New Teacher Evaluation Models for New Millennium Teachers

So I’ve finally stolen a few minutes from my incredibly hectic life to poke through a new report titled Making Teacher Evaluation Work for Students that was crafted by the 32 accomplished practitioners in the Denver New Millennium Initiative (DNMI).

With the help of the Center for Teaching Quality—my blog’s sponsors and long-time professional mentors—these teachers spent a solid chunk of time studying the ins-and-outs of teacher evaluation with some real heavyweights including Linda Darling-Hammond, Jennifer Jennings, and Tom Kane.

Then, they offered a series of policy suggestions to Colorado legislators on ways in which the Ensuring Quality Instruction Through Educator Effectiveness Act—statewide legislation that requires student growth to count for at least 50% of a teacher’s annual evaluation—can be implemented effectively at the school level. 

My first reaction to the report is a great big HOO-RAH.

The way I figure, it’s about time that teachers asserted themselves when it comes to the choices being made that govern our profession. 

After all, I haven’t met a legislator yet who has any idea what schools are really like, so spoon-feeding a bit of classroom truth to those who are crafting policies that will impact the lives of our nation’s kids CAN’T be a bad thing.

Overall, the report is brilliant.  Perhaps most importantly, the DNMI team make it perfectly clear that comprehensive teacher evaluation policies are a heck of a lot more complicated than most political blowhards think.

Specifically, they point to four areas that are going to need to be addressed before Colorado’s teacher evaluation policy will pay any real dividends for students.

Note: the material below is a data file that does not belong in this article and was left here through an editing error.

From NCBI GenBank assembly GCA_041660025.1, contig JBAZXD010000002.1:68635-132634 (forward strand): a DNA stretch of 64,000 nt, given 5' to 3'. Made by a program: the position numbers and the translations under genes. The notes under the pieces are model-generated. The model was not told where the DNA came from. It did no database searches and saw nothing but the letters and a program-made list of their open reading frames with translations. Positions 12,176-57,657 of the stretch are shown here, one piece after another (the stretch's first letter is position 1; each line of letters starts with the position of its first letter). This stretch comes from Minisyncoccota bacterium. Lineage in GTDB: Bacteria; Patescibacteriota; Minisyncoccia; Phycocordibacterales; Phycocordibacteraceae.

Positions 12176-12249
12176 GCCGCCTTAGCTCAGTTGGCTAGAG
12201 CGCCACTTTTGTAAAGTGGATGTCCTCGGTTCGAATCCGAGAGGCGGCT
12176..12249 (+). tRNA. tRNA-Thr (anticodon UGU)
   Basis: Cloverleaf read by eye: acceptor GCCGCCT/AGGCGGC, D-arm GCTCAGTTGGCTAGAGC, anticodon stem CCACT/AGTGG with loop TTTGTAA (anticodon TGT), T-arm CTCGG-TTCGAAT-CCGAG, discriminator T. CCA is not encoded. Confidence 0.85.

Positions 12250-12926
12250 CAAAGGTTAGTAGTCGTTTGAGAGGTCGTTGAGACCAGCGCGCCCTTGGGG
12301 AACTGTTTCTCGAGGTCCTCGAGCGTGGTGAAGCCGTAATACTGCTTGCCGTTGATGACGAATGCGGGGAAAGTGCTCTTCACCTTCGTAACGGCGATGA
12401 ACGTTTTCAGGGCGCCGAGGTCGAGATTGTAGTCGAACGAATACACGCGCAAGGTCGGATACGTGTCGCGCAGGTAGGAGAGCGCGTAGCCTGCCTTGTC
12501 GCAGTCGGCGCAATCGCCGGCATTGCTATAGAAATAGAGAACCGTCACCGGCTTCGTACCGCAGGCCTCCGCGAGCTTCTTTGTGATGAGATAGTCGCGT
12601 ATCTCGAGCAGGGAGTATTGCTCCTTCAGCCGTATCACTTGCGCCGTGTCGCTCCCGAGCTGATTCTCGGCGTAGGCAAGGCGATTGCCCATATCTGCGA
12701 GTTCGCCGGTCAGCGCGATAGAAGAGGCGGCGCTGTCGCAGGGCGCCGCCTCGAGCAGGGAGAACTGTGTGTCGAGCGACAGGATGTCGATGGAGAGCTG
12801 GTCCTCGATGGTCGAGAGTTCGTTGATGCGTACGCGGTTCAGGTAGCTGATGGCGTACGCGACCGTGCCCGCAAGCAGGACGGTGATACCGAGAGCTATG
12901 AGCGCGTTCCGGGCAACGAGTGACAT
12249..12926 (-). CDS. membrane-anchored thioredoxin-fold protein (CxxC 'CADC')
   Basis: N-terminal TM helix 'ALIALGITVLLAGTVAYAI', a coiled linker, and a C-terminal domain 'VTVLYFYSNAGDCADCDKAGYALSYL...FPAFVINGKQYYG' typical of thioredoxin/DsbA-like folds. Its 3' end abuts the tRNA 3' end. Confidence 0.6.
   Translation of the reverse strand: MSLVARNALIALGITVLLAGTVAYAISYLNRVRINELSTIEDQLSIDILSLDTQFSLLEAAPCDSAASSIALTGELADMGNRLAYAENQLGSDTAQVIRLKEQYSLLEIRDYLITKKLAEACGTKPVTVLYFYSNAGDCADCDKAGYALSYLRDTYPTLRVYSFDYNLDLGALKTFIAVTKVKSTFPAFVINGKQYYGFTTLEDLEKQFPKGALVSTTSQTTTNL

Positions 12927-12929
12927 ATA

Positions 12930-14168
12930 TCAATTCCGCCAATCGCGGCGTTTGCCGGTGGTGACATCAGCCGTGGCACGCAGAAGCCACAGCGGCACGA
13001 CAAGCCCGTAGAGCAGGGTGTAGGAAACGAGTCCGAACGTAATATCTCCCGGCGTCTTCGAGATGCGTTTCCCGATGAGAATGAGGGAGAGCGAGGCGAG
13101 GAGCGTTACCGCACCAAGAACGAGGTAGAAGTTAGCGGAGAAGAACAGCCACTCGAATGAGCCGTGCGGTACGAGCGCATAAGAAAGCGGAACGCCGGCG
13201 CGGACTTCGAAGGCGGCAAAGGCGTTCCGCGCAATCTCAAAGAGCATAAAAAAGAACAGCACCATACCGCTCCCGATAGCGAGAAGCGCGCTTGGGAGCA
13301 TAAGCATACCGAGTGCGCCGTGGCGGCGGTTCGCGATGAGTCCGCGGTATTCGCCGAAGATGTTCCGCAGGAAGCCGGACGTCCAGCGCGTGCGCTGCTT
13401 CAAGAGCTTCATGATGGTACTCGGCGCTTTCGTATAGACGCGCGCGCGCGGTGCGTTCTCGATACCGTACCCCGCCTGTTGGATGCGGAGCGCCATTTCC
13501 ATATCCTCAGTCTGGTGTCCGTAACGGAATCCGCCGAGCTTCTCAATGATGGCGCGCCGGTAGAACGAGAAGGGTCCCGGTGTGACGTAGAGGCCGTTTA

They are:

  • Developing meaningful measures of student growth, including in nontested areas.
  • Defining qualifications and training for evaluators.
  • Determining how to account for school conditions and student factors in a teacher’s evaluation.
  • Designing an evaluation system that informs both employment decisions and professional growth and learning.

That’s good stuff, isn’t it? 

All too often, legislators whip up policies on teacher evaluation without thinking through ANY of those factors—and then act surprised when teachers push back against their half-baked plans. 

Essentially, the Denver New Millennium Initiative team is saying to their elected officials, “Your plans for holding us accountable can work.  Let us show you how.”

I like that.

The only hiccup for me comes as the DNMI team details their suggestions for developing meaningful measures of student growth that can be used in teacher evaluations. 

They rightly argue that teachers in tested subjects should be held accountable for more than just results on standardized tests—and they also argue that students should be given pre and post tests to paint an accurate picture of the gains that students make during a school year.